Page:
Exile

The word “exile” came to my awareness today as I was reading a book on inward pilgrimage. We are experiencing a massive global exile, away from the people we love, from familiar places and routines. We are in our physical houses and apartments, yet we are away from our spiritual homes. We are banished from our gathering places, our friends, our extended family members.

ex•ile 

  • n. The condition or period of being forced to live away from one’s native country or home, especially as a punishment.

  • n. The condition or period of self-imposed absence from one’s country or home.

It can feel strange to be inside our house for such long periods of time. We start to notice the neglected maintenance, or the growing pile of papers that sit accusingly on the corner of the dining table. Some are taking this opportunity “Marie Kondo” their rooms or home offices.

We may also start to recognize our inward neglect, and that can generate a deep sense of unease. We may feel we need to distract ourselves from this discomfort. Now that many of us are in government-mandated isolation, we have moved from panic buying of toilet paper to panic doing. We are filling up our agendas with online classes, workshops, virtual movie viewing parties and happy hours.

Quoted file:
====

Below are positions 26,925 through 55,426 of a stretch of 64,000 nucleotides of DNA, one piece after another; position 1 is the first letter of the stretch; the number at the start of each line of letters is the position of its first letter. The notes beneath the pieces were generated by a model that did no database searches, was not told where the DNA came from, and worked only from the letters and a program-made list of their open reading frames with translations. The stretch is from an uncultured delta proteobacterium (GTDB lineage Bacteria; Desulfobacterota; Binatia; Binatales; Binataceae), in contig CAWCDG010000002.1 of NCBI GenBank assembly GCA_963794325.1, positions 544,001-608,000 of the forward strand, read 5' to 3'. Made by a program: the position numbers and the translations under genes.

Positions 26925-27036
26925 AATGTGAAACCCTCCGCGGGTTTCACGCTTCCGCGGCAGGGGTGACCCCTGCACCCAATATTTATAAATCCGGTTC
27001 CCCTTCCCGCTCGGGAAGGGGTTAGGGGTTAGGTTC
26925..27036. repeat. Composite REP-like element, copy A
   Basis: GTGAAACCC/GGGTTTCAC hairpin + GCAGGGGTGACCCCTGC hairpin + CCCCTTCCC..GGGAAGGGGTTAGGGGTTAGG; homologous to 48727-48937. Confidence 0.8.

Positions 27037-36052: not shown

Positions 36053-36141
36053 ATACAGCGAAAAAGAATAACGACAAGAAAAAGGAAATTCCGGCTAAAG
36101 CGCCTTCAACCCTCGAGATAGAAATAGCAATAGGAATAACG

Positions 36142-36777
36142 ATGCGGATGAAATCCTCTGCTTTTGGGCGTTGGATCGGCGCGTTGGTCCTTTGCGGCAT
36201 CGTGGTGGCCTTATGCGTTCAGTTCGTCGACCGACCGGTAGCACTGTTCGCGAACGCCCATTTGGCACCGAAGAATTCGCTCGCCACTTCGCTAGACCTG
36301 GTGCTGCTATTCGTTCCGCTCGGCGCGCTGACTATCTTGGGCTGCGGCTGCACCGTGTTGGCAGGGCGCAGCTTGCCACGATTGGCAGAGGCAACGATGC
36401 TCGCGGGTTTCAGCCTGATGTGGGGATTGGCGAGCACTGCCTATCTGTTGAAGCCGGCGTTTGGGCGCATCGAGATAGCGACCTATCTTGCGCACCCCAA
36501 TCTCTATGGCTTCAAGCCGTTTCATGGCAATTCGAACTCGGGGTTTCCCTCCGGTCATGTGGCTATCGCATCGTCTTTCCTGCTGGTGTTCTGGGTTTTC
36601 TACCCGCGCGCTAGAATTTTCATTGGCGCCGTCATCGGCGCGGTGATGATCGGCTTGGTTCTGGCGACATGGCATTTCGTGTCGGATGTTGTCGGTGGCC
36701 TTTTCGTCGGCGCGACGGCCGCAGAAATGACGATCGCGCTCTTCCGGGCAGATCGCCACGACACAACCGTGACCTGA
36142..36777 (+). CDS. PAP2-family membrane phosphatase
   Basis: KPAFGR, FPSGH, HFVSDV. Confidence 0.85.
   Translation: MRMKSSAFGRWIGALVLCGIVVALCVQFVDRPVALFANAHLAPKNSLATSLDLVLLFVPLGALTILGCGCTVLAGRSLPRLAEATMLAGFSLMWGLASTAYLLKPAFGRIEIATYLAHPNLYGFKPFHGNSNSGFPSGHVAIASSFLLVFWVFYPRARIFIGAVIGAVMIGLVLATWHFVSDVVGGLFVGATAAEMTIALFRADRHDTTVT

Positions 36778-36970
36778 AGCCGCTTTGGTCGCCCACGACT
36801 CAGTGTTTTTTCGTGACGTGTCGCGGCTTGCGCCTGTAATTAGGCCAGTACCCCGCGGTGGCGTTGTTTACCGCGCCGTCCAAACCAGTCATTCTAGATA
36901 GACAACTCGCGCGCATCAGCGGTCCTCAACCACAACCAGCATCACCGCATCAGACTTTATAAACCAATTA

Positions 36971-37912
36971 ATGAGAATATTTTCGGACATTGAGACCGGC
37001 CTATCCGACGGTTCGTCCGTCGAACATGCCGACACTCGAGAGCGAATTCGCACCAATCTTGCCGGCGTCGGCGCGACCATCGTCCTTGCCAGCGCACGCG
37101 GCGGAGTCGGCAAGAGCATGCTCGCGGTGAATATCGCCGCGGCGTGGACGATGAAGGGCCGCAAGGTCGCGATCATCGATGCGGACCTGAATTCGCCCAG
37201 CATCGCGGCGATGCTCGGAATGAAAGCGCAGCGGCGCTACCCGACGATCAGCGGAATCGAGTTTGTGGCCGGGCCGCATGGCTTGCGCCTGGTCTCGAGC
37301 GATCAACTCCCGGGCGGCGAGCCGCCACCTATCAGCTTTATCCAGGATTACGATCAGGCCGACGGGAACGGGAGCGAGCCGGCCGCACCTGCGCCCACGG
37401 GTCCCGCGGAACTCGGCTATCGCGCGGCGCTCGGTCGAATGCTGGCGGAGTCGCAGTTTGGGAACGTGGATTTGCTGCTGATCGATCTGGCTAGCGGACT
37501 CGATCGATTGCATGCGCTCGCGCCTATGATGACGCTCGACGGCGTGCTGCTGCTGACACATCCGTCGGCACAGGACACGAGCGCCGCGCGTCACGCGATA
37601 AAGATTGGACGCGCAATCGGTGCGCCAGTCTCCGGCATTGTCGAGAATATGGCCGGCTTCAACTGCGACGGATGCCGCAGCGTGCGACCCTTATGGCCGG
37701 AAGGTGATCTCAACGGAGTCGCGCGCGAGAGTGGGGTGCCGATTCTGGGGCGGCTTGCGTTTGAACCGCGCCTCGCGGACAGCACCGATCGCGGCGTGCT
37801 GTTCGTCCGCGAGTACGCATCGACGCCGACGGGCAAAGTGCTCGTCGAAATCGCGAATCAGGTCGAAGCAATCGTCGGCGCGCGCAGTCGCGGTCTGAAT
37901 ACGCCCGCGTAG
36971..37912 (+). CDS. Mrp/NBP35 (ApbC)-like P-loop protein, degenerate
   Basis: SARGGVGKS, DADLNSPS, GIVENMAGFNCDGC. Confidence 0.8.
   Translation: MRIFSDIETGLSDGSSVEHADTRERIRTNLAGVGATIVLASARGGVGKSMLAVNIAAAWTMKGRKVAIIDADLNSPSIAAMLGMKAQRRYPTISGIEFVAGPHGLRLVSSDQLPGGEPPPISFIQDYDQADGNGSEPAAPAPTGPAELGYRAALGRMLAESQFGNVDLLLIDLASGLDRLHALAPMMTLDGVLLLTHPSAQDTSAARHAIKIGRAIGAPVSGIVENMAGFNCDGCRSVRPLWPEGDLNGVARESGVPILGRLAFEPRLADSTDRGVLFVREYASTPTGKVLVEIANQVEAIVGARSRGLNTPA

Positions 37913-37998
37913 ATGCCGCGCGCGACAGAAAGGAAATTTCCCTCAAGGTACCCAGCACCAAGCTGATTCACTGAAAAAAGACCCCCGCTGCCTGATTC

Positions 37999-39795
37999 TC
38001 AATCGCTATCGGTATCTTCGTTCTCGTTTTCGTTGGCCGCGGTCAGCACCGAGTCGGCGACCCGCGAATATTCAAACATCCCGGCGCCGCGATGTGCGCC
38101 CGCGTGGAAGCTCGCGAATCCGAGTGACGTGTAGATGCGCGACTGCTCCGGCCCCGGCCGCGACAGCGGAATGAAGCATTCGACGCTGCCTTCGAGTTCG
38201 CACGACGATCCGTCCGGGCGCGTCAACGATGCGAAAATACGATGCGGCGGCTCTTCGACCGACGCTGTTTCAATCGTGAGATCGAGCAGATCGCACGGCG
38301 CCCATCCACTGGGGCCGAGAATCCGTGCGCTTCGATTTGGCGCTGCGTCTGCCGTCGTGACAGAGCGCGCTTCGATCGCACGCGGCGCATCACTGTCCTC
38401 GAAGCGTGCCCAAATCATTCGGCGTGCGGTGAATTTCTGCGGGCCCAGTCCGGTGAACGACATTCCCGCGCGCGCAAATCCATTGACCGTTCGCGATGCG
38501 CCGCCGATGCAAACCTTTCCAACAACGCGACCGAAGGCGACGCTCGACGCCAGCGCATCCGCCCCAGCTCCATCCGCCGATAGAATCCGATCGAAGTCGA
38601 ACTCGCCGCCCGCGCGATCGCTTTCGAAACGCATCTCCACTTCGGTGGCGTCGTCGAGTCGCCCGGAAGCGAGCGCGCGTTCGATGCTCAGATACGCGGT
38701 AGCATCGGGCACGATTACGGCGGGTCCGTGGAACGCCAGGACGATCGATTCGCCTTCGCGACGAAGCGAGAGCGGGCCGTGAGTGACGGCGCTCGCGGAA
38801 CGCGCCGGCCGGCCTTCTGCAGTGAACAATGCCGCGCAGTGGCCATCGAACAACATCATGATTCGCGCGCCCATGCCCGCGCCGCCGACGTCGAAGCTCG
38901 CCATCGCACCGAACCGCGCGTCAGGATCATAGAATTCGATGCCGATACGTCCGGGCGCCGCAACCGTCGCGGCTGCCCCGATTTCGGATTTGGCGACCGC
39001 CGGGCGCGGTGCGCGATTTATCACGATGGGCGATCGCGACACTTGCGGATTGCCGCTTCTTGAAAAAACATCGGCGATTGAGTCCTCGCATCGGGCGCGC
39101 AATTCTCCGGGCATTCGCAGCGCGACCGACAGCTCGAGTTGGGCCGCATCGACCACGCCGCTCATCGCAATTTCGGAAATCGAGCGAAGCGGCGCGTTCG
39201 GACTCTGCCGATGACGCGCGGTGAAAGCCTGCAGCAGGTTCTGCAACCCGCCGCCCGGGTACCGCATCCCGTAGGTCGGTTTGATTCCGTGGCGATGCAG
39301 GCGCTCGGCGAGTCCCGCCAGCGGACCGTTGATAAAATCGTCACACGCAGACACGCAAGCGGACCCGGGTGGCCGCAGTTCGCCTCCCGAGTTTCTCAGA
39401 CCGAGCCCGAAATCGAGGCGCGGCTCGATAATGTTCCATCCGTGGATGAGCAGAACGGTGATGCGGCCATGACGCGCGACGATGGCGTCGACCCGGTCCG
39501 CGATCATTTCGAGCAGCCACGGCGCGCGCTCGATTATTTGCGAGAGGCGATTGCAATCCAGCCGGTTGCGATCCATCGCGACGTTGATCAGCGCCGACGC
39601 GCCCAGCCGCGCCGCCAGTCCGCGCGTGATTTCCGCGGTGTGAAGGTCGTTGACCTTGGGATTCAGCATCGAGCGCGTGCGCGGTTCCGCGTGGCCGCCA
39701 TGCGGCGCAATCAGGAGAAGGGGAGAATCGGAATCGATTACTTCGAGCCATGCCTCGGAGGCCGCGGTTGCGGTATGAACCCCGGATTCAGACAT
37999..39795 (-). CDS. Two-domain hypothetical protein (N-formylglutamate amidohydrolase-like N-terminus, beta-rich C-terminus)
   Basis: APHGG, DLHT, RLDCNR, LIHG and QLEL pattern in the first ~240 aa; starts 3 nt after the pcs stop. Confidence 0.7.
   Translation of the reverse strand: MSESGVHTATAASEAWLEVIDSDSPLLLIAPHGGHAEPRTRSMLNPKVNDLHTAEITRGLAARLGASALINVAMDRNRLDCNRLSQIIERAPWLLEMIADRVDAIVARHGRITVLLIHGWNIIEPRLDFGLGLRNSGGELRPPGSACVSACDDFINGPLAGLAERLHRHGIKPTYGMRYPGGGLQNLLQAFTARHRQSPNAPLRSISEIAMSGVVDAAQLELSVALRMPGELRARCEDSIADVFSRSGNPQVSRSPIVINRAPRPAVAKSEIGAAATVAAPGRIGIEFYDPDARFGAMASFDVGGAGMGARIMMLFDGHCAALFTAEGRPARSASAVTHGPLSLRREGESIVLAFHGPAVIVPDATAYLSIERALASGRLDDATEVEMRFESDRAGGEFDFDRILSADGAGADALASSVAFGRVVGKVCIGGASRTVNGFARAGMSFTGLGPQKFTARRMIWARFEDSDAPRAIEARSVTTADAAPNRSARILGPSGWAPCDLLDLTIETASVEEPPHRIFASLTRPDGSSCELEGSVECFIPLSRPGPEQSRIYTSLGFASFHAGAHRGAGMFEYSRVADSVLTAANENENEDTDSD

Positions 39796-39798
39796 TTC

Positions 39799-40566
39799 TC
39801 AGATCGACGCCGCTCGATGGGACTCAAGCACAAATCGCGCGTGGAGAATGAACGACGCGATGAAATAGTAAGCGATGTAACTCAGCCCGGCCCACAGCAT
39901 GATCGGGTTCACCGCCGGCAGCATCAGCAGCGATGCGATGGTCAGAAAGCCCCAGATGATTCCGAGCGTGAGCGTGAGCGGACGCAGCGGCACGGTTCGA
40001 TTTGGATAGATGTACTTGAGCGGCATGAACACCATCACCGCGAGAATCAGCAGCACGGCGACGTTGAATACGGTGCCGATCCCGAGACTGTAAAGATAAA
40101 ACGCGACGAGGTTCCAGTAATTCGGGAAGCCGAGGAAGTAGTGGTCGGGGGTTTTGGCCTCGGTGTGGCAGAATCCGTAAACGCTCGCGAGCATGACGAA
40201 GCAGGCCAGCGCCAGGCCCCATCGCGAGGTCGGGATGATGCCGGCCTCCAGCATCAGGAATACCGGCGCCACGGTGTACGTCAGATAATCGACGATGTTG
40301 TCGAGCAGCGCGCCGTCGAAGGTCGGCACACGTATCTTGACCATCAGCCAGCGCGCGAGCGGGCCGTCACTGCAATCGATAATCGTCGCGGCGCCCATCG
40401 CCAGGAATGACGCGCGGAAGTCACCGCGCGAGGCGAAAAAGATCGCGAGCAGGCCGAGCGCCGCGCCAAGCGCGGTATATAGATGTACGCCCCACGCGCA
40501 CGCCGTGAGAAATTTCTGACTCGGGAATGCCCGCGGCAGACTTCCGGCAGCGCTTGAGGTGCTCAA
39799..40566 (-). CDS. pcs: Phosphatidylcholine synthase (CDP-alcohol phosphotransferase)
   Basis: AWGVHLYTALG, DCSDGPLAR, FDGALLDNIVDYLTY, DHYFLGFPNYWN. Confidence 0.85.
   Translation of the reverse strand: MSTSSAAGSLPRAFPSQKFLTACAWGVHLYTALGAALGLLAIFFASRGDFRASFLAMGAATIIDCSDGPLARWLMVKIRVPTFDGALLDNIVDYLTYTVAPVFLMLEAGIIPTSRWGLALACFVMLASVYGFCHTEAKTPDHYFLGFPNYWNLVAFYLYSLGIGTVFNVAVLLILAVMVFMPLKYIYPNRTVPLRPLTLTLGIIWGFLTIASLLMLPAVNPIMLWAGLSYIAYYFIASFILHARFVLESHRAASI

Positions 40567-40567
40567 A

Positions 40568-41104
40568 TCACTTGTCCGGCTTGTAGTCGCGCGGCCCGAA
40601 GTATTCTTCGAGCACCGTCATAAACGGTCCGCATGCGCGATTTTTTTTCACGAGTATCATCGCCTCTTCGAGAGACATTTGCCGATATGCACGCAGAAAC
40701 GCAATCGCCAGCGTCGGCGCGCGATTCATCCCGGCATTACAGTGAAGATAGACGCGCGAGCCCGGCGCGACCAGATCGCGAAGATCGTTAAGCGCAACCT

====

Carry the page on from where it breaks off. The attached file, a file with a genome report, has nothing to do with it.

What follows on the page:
But this exile is a blessed opportunity to have a deeper, and perhaps uncomfortable, conversation with ourselves.

“Sometimes you only understand your conversation through exile, and feeling really far away from yourself and your world.”

 

David Whyte, Insights at the Edge, Sounds True Audio Interview

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